American Cellular Donation Organization
NATIONAL CELL PHONE RECYCLING INITIATIVE
TEEN EMPOWERMENT PROGRAM AND THE ENVIRONMENT
ACDO teams up with SADD to launch
exciting new venture
MI, September 24, 2004 - American Cellular Donation Organization
(ACDO) is pleased to announce a new, collaborative partnership with
SADD, Inc. (Students Against Destructive Decisions) that has the potential
of raising funds for thousands of SADD chapters across the country and
protecting the environment through the recycling of used cellular phones.
"Our mission is to protect the environment by recycling used, outdated
cellular phones while raising funds for a great cause," stated
Vincent Serio, CEO and founder of ACDO. "Collaborating with SADD,
the nations leading peer-to-peer youth education and prevention
organization, is a win-win scenario. Its an honor for ACDO to
support SADDs mission of empowering our nations youth to
make positive choices, and through this program, students will be able
to help conserve resources and protect the environment," added
Serio. To celebrate the beginning of this partnership ACDO has given
a generous donation to SADD, but it is just a start in the tremendous
amount of money SADD will be able to accumulate.
Founded in 1981 as Students Against Driving Drunk, SADD has more than
10,000 chapters in middle schools, high schools, and colleges nationwide.
In 1997, SADDs mission expanded to provide students with the best
prevention and intervention tools possible to deal not only with the
issue of underage drinking, but also other drug use, impaired driving,
and other destructive decisions. In this new partnership, SADD will
encourage individual chapters to consider the revenue potential and
positive environmental impact of cell phone donation drives. ACDO will
provide all support materials for the drives, such as donation boxes,
signs, posters, brochures, and shipping. As SADDs exclusive cell
phone recycling partner, ACDO will also help chapters coordinate their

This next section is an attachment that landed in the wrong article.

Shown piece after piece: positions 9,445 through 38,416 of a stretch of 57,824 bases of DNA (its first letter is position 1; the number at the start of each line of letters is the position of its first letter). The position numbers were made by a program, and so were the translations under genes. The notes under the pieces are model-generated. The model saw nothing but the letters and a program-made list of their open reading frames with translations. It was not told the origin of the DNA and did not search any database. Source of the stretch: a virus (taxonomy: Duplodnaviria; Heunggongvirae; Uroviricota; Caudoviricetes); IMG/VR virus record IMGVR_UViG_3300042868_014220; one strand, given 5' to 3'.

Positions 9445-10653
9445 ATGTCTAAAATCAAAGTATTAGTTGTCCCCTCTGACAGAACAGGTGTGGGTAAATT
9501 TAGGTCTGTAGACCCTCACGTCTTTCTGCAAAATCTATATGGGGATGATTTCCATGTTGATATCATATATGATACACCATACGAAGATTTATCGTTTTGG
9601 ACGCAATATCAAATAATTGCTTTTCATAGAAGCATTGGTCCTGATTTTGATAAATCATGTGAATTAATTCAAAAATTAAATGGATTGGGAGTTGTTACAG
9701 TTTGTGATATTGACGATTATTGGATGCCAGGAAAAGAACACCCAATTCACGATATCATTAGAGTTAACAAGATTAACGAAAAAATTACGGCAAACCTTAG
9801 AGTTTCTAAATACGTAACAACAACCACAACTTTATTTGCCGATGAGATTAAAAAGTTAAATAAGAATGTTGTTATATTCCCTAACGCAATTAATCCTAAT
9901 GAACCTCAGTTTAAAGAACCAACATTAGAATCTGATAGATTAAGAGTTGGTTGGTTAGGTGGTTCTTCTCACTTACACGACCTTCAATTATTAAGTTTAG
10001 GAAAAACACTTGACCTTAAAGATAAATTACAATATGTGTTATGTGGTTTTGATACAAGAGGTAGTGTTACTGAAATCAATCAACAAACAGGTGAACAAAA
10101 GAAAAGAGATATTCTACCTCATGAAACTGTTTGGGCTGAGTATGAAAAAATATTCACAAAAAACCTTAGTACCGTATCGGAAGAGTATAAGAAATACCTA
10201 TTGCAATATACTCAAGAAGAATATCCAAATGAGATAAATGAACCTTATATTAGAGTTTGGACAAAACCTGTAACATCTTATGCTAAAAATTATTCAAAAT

drives and offer suggestions to support a successful venture.
According to Serio, a typical cell phone donation drive will last about
90 days, with the donated phones turned into charitable cash according
to their current market value. All proceeds from the donated phones
will be directed back to the SADD chapter running the drive. "The
components of non-working or obsolete cell phones will be recycled so
they dont end up in landfills, where their toxic makeup could
prove harmful to the environment," added Serio.
Penny Wells, SADDs President and Executive Director, is enthusiastic
about the programs potential benefit for all SADD chapters that
choose to participate. "SADD chapters are eager for creative and
constructive ways to raise funds to run their local prevention and awareness
activities in an effort to educate fellow students about the dangers
of underage drinking, impaired driving, teen violence, depression and
suicide. Recycling used cell phones promotes positive values while offering
young people the support they need to make a difference in their schools
and in their communities," added Wells. This program also lends
itself to creating important alliances with local businesses, civic
groups, and others interested in teen health and safety who might wish
to participate in supplemental drives to benefit their local SADD chapter.
Those interested in finding out more about cell phone donation drives
as fund-raisers for their organizations, or who want more information
about how to donate phones to support SADD, are urged to call ACDO's
Program Coordinator, Kim Serio, at 586-524-2399 or e-mail her at email@example.com.
SADD, Inc. sponsors peer-to-peer education and prevention programs in
middle schools and high schools nationwide. For more information about
SADD, visit www.sadd.org.
Michigan-based American Cellular Donation Organization is dedicated
to helping charities raise funds through used cell phone drives. For
more information about ACDO, visit www.cellulardonation.org